# Take inverse of a function in Racket

I am trying to write a higher-order Racket function that takes a first-order function of one variable and returns its inverse. I know that it has to start off something like this:

```(let [(inverse (lambda (f)
(lambda (y)
... )))])
```

I figured this because `inverse` must take a function which returns a function which takes a `y` and returns `x` such that `(= (f x) y)`. In other words, the contract for inverse is something like:

``````; inverse : (number? -> number?) -> (number? -> number?)
``````

I'm just stumped trying to figure out what goes where the elipses are?

EDIT: In response to people saying this is impossible, I am willing to accept an inverse function that when given `y` returns a possible `x`. In response to comments about the function not having an inverse, please note the contract that I have for `f`. It is a `(number? -> number?)` mapping, and therefore has an inverse.

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And the question is...? –  Roddy of the Frozen Peas Jun 26 '12 at 20:50
@RoddyoftheFrozenPeas: Sorry, I've edited the question to make it clearer. –  Daniel Jun 26 '12 at 20:51
Daniel, I think we'd all be curious about what you're trying to achieve here? Is this simply an exploration of functional programming, or to you have some real use-case for a task? Because as both the answers so far indicate, this is mathematically impossible as presented. –  Ben Jun 26 '12 at 21:21

For the general case, given an arbitrary function `f` you can't tell what's its inverse function. Even worse, a given function might not have an inverse at all - for example: the input function could perform an MD5 hash, which has no inverse. Sorry, your question has no answer.

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Yeah you were right. I was thinking of the wrong thing. See the answer that I provided. –  Daniel Jun 26 '12 at 22:04

I knew that I had seen this before, but I couldn't remember how it worked. Now I remember, but I realized that I had been misleading in my question because the version I had seen assumed that we already had a function called `root` which would return one of the zeros of a provided function. Given that function, it is pretty easy:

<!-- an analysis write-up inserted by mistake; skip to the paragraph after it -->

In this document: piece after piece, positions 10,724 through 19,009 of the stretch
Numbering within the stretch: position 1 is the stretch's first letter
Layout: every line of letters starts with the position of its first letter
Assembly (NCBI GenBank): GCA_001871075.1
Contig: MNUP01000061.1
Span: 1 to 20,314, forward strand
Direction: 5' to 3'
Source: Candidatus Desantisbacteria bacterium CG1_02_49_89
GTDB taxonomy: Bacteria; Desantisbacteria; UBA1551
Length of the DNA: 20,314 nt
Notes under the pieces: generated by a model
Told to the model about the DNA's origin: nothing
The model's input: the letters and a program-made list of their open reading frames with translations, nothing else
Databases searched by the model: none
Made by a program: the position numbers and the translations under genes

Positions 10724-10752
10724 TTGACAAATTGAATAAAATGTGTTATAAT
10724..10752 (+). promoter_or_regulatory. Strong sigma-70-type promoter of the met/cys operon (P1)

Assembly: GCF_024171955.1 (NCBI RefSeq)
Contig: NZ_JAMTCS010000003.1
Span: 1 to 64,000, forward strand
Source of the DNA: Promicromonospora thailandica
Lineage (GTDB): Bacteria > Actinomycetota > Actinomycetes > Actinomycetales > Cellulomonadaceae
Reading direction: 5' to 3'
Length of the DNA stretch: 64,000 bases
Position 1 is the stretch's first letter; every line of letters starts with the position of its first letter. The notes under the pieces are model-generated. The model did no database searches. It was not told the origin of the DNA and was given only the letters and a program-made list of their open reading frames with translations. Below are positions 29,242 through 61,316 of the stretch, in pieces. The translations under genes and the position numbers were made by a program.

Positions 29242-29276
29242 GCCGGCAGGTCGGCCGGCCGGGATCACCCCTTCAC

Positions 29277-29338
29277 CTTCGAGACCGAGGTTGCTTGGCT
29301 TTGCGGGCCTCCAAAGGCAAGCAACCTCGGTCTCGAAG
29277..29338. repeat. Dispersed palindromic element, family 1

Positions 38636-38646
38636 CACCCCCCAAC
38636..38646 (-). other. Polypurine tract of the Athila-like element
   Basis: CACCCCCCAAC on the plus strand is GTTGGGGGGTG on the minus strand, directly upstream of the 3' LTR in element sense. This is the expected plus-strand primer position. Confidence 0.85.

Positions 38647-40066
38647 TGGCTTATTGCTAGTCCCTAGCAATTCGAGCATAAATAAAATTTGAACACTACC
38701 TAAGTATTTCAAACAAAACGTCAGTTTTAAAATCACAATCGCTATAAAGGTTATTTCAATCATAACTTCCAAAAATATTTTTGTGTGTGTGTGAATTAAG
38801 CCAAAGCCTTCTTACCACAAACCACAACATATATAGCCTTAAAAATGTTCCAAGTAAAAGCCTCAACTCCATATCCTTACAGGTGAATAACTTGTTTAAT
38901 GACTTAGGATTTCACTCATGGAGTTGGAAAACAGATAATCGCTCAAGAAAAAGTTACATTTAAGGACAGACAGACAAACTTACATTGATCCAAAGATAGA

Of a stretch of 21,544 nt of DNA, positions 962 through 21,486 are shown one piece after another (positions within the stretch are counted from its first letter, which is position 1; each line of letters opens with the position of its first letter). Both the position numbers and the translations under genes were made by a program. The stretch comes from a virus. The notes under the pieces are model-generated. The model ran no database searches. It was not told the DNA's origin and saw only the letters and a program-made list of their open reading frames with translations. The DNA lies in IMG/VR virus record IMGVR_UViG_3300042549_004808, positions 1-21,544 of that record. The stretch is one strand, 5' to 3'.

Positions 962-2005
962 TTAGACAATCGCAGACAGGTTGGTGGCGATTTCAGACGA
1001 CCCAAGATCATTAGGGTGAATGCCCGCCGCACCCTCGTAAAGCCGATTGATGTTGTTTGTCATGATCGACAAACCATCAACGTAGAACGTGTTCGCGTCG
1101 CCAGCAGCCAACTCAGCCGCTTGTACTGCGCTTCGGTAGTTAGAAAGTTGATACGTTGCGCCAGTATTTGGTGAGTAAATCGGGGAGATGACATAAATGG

```(define (inverse f)
(lambda (y)
(root (lambda (x) (- (f x) y)))))
```

It's pretty easy to see how this works. The inverse of a function is the `x` such that `f(x) = y`. Obviously, the root of the function `f(x) - y = 0` is that `x`.

The place where I had gone wrong is that the best we can do for `root` is Newton's method or some other approximation.

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Consider f(x)=x^2. This is a very simple function without an inverse. (because f(1)=f(-1) there are no unique inverse to y=1).

Since a very simple function might have no inverse, you cant't expect a general Scheme function to have an inverse.

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Let's say that it's ok for the function to output one of the possibilities. –  Daniel Jun 26 '12 at 21:10
How about this one (define (f x) (let loop () (loop) 42))? Is there an inverse? –  soegaard Jun 26 '12 at 21:14
That isn't really a function. It is not a mapping from X -> Y. –  Daniel Jun 26 '12 at 21:21
Not in the mathematical sense, but it is a fine Scheme function. –  soegaard Jun 27 '12 at 22:02